A lot of attention has been given locally to what the Parkway and Rockwood school districts will do this fall in terms of educating students. But there is another district, with a separate tax base, that educates local students – the Special School District of St. Louis County (SSD).
“The Special School District provides services for 22 public school districts covering over 260 schools. We are designed to follow each district in the same modality it is providing. We support them based on their mode of learning,” explained SSD Superintendent Dr. Elizabeth Keenan.
In other words, while SSD provides the staff, it has no jurisdiction over the format and model of how
The district has two distinct functions – it provides special education services for all St. Louis County students with disabilities, and it provides technical education for area high school students. District personnel assist inside partner districts and at six SSD-operated schools, which will also be using a distance learning model until health data shows that students and staff can go back to school safely. That data will be reviewed on a monthly basis.
In total, more than 24,000 students receive special education services or technical education from SSD. Its services are designed to meet each student’s social, emotional, physical and educational needs.
In addition to academic services, SSD provides speech and language services, occupational therapy, physical therapy, music therapy, social work, audiology and itinerant services in vision and hearing. All of which seem infinitely more difficult to deliver virtually.
Keenan, along with Parkway SSD Director Dr. Bobbi Fleming and Rockwood SSD Director Dr. Carmen Harris acknowledge the challenges but say the district has worked hard this summer to prepare for fall.
“Our teachers did an amazing job in terms of working on developing classrooms for Zoom and Google Classroom by creating lessons and communicating through the Individual Education Program (IEP),” Keenan said, reflecting back on the abrupt end to in-person learning last spring. However, she said things will be more streamlined moving forward.
An IEP is a legal document under United States law that is developed for each public school child in the U.S. who needs special education. It is written in tandem with the child’s parents and educators both from the child’s home district (Rockwood or Parkway) and the SSD. Under normal circumstances, a child’s IEPs contain information about the student’s strengths and needs, measurable goals that can be reasonable achieved during the school year, and a list of the services needed for the student to achieve those goals. Additionally, the student’s home district has expectations that must be met for a student to progress from one grade to the next.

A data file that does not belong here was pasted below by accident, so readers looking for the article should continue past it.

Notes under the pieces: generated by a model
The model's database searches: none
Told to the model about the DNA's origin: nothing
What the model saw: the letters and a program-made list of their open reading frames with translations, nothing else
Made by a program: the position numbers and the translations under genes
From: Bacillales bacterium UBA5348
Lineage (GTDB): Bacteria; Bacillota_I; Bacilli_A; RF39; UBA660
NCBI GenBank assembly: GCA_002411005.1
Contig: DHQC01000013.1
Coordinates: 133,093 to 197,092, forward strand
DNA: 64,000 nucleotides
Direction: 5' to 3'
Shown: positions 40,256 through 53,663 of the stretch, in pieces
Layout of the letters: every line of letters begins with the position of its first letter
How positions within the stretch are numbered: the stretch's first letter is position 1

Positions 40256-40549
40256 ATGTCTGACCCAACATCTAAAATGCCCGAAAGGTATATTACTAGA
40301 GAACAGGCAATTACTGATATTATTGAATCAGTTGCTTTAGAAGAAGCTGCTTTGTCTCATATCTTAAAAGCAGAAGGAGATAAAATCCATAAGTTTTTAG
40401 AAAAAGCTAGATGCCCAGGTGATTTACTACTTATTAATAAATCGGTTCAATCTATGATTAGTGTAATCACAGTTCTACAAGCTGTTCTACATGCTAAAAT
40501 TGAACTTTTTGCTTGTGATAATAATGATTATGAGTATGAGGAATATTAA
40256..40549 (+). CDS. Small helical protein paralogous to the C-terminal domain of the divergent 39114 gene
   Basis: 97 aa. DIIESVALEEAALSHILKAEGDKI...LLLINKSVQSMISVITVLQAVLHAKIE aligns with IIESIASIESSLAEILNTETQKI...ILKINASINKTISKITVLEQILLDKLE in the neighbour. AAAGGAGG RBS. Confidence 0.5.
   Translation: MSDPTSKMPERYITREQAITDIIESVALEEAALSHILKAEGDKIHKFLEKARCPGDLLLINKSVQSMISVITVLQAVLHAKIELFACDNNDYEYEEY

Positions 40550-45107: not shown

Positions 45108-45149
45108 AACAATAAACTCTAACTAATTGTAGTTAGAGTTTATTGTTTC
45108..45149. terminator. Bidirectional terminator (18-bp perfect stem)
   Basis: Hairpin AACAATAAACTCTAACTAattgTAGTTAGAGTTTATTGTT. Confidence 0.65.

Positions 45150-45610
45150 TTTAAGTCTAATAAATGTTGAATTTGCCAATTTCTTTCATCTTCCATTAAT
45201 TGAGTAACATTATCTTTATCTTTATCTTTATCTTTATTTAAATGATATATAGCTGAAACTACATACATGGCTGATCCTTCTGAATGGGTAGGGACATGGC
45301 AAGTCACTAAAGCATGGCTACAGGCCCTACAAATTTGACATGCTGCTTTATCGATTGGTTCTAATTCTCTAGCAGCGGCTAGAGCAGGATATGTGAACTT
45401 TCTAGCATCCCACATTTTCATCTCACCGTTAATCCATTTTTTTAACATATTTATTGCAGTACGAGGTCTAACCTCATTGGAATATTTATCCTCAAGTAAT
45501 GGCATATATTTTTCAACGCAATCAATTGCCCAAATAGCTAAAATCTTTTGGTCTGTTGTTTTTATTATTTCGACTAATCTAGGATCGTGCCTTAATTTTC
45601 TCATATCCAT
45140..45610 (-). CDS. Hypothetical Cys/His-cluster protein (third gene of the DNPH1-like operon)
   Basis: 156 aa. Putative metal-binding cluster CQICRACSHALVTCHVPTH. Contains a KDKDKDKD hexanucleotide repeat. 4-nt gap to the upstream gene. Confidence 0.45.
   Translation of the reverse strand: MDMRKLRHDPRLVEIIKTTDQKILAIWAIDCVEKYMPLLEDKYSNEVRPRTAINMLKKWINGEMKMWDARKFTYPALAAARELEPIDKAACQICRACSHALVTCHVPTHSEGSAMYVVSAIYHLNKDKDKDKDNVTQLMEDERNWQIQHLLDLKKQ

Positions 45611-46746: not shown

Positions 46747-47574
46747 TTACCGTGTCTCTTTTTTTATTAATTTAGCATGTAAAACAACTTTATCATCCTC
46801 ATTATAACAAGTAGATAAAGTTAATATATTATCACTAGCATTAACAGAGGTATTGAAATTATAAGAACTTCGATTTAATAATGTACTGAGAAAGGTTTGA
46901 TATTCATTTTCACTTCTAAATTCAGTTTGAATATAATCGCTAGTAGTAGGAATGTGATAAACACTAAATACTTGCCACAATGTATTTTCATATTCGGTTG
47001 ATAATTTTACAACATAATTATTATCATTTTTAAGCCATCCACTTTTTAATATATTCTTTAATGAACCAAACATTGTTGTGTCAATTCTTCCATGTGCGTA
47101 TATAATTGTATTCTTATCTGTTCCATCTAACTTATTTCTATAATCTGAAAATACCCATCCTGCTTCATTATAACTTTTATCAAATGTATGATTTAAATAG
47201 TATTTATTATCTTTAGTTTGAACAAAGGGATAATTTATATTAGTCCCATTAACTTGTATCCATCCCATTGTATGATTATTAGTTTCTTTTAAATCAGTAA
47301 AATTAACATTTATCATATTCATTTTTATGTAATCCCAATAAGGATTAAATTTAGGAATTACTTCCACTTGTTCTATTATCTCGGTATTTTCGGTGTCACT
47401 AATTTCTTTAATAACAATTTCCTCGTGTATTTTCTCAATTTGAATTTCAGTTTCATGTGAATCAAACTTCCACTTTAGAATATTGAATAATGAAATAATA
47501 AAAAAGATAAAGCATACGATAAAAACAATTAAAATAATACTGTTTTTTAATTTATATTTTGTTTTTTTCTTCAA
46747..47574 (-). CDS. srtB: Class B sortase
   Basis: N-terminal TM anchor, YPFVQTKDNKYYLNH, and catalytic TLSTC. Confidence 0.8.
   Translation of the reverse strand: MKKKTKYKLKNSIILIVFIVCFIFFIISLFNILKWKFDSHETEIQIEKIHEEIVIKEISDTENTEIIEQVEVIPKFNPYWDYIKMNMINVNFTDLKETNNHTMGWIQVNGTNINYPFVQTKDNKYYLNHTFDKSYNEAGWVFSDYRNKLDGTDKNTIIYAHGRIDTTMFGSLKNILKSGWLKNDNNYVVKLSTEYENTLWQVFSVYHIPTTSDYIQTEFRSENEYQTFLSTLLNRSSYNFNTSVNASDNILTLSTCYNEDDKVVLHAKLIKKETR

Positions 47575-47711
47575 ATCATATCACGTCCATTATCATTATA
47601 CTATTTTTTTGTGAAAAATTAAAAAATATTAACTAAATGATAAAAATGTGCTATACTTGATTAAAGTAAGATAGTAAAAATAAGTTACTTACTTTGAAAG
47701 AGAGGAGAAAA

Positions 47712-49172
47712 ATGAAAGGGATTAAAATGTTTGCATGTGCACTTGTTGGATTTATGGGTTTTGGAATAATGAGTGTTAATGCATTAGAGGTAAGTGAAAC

This year, rather than having multiple documents detailing the expectations of both the student’s home district and SSD, there will be only one.
After receiving favorable feedback from parents, virtual IEP meetings, up-to-date learning plans and one-on-one Zoom classrooms will continue as standard practice, as will Zoom meetings for parent support. On its website, SSD has provided pages of resources and videos on related services for families and define the difference between teletherapy and telepractice and details on what those services will look like.
Fleming said the experience SSD families have at Parkway this fall will be vastly different than what was offered to its students last spring.
“We have (had) time to plan that the quick two-day turnaround this spring didn’t allow for,” Fleming said. “We will have the specialist support for parents with the virtual learning and virtual lessons.”
Specialist support comes in the form of paraprofessionals, who work alongside students on a one-to-one basis to help provide teacher support in the classroom.
Over the last several months, Parkway paraprofessionals have received professional development to meet the unique needs and challenges of both students and the distance learning model.
“We will provide paraprofessionals with technology to do breakout rooms with teacher supervision to provide ADA support, not necessarily one-on-one, but it will be a comparable amount of services closest to their IEP,” Fleming said. Similarly, Parkway will offer a breakout model for homework and behavior support.
Harris said the distance learning plans for Rockwood’s SSD students is comparable to Parkway’s. Prior to the announcement on Aug. 6 by Superintendent Dr. Mark Miles that Rockwood would begin on Aug. 24 with a distant learning model, SSD was planning for both a blended approach and distance learning.
“We (were) planning for both phases so that kids are prepared to receive services on either mode,” Harris said. “We are working hard and very closely with our partner districts to be prepared to meet the needs of our students. We have been planning for the support of teachers and paraprofessionals.”
For specific answers to what school will look like for SSD students this fall, Keenan suggested visiting the Return to School Guidance page on the SSD website.
Sometimes links or plans are embedded on a school’s website. However, if you can’t find (the SSD information) on your school’s website, then check on the SSD website, she said. In the coming days and weeks, the goal is to link the SSD site to the student’s home school and district websites.
SSD is in the process of planning virtual Town Hall meetings for its families. The list of dates for those webinars will be available on the SSD website and through invitation beginning Aug. 10. It will address pre-submitted questions, as well as, allow for some additional chat room discussions for other questions.